Malpractice issues likely to plague CMs in future

Follow job descriptions, rules to avoid liability

Case managers are being identified as defendants in medical malpractice and negligence lawsuits, and their liability exposure is likely to increase in the future, says health care consultant Cathy Nearhoof, RN, BSN, CCM, NMCC, CLNC.

Nearhoof, owner of Pittsburgh-based Integrist Healthcare Consulting, works with both plaintiff and defense attorneys and insurance companies by assessing, researching, and preparing medical malpractice, personal injury, workers’ compensation, and criminal cases for litigation.

It takes so long for legal issues to work their way through the system that lawyers currently are dealing with issues that arose in the mid- to late 1990s, Nearhoof says.

"Prior to then, there was little documentation in the medical records with case managers. Now, there is an increased inclusion of case managers within the health care system, and attorneys are not always knowledgeable about the role of a case manager. Needless to say, plaintiff attorneys are delighted to identify an additional defendant or someone who can be deposed and/or potentially increase the strength of their case," she adds.

A case manager’s inclusion in a malpractice case is based on a review of the medical records, an assessment of the case manager’s expected role, and a determination of whether the case manager might have breached his or her duty based on established case management standards of care.

"The answer to the possibility of a breach of duty is found in the job and program description." Nearhoof says. "The question becomes: Did that case manager do what the hospital or the employer said they would do?"

She suggests that case managers minimize their exposure to liability by adhering to case management standards of care, following the expectations outlined in their job description, and treating their patients professionally and with kindness and consideration. 

When a case is being considered for a lawsuit, there will be an assessment of all health care professionals who provided patient care or coordination to determine if the patient was thoroughly assessed, if his or her problems were identified, and if an appropriate plan of care was implemented, Nearhoof says.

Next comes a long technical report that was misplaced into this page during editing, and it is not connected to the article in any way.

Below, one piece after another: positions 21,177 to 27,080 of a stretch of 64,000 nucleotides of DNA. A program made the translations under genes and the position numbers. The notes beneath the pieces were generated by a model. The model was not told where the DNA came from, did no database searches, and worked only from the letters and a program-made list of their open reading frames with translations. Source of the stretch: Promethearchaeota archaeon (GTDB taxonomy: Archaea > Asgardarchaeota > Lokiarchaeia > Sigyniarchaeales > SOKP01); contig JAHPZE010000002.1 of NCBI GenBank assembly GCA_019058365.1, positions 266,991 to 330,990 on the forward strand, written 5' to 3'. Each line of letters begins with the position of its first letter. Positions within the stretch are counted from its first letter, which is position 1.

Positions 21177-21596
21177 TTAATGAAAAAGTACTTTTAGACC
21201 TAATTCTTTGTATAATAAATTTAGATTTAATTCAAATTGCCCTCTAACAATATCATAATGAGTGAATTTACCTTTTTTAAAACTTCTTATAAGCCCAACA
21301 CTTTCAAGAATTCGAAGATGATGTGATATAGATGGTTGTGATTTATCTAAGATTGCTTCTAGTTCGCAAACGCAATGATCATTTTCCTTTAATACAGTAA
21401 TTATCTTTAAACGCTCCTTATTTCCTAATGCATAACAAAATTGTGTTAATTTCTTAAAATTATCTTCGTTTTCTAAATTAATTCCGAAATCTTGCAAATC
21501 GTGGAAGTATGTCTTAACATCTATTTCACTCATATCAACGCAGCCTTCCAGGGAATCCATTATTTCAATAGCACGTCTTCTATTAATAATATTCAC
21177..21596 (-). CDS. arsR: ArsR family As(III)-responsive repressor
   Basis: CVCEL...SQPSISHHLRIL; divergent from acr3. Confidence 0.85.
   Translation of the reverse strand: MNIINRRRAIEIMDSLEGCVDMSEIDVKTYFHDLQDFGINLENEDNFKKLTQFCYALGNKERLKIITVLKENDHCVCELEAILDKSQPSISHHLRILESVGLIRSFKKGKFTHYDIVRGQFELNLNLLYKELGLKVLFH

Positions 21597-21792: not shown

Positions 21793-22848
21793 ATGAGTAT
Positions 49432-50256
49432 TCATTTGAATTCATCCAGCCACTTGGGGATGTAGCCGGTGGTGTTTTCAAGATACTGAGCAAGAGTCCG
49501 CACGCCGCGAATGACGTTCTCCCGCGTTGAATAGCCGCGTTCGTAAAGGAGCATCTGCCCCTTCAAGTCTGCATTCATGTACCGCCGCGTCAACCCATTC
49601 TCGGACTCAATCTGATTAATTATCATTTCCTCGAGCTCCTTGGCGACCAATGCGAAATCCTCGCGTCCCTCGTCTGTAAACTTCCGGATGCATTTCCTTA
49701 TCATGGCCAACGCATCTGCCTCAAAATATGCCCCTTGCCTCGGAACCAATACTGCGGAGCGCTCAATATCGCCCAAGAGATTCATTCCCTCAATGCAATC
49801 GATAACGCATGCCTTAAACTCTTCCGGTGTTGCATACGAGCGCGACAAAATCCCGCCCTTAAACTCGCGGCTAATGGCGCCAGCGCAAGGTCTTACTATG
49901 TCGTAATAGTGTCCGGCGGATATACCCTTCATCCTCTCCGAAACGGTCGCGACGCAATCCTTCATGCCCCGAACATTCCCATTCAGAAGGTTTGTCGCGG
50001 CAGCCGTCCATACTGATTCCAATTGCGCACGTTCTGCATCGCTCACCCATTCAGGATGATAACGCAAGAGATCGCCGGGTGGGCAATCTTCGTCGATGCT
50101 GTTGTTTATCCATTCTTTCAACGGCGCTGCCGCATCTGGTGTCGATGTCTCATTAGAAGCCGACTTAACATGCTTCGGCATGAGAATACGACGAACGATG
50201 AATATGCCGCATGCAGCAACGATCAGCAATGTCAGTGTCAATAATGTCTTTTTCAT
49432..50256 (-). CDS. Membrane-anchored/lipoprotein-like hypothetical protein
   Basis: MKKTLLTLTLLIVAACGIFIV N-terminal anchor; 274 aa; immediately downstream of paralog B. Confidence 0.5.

When she assesses a case, she researches the medical records to determine whether the health care professional assessed the patient thoroughly and identified the problem correctly, and whether there were appropriate interventions in accordance with established standards of care.

For instance, she looks for documentation that the case manager made sure the specialist saw the patient before the weekend and that he or she followed up on the plan of care.

"In health care today, understaffing by nurses is reaching critical proportions. It’s not uncommon to see a case manager do the assessment, put something in the care plan, and not show up until discharge. But there are so many opportunities that exist for the case manager to intervene and positively impact the care," she says.

It all boils down to duty, and no matter what your health care role is, whether you’re a nurse, a social worker, or a case manager, your duty is always to the patient, Nearhoof says.

"When I see a case manager who seems to be focused only on utilization management, it sends up a red flag. Optimization of resources doesn’t always coincide with what is best for the patient," she says.

Being a case manager today is often a matter of balancing what is best for the patient with what is best for the entity that pays the case manager’s salary. This can be a real challenge, Nearhoof says.

"There is confusion in health care about whether a case manager is truly a case manager [or] a utilization manager with a change in title," she says.

Case managers, particularly those in workers’ compensation cases, may feel conflicted about where their duty truly lies, Nearhoof notes.

For instance, if an insurance case manager handles a head injury case with a goal of returning the patient to his or her previous employment, it is important for the case manager to maintain objectivity, assessing all aspects of the injury and the potential for recovery, and establishing an appropriate plan of care with realistic return-to-work goals, she adds.

"Sometimes, insurance case managers feel that they must get the patient back to work no matter what. Getting a patient back to work is part of the job, but it can’t be knowingly accomplished at the risk of further injury or incomplete recovery," Nearhoof says.

A case manager’s duty is to assure optimal outcomes for the patient and not the insurance company, she adds.

"Sometimes it means the employer isn’t going to get somebody back to work. It becomes confusing when the insurance company and/or the employer are pressuring you to inappropriately expedite the patient’s recovery and return to work. It is the job of the case manager to first ensure that each patient or client receives the treatment they need," she says.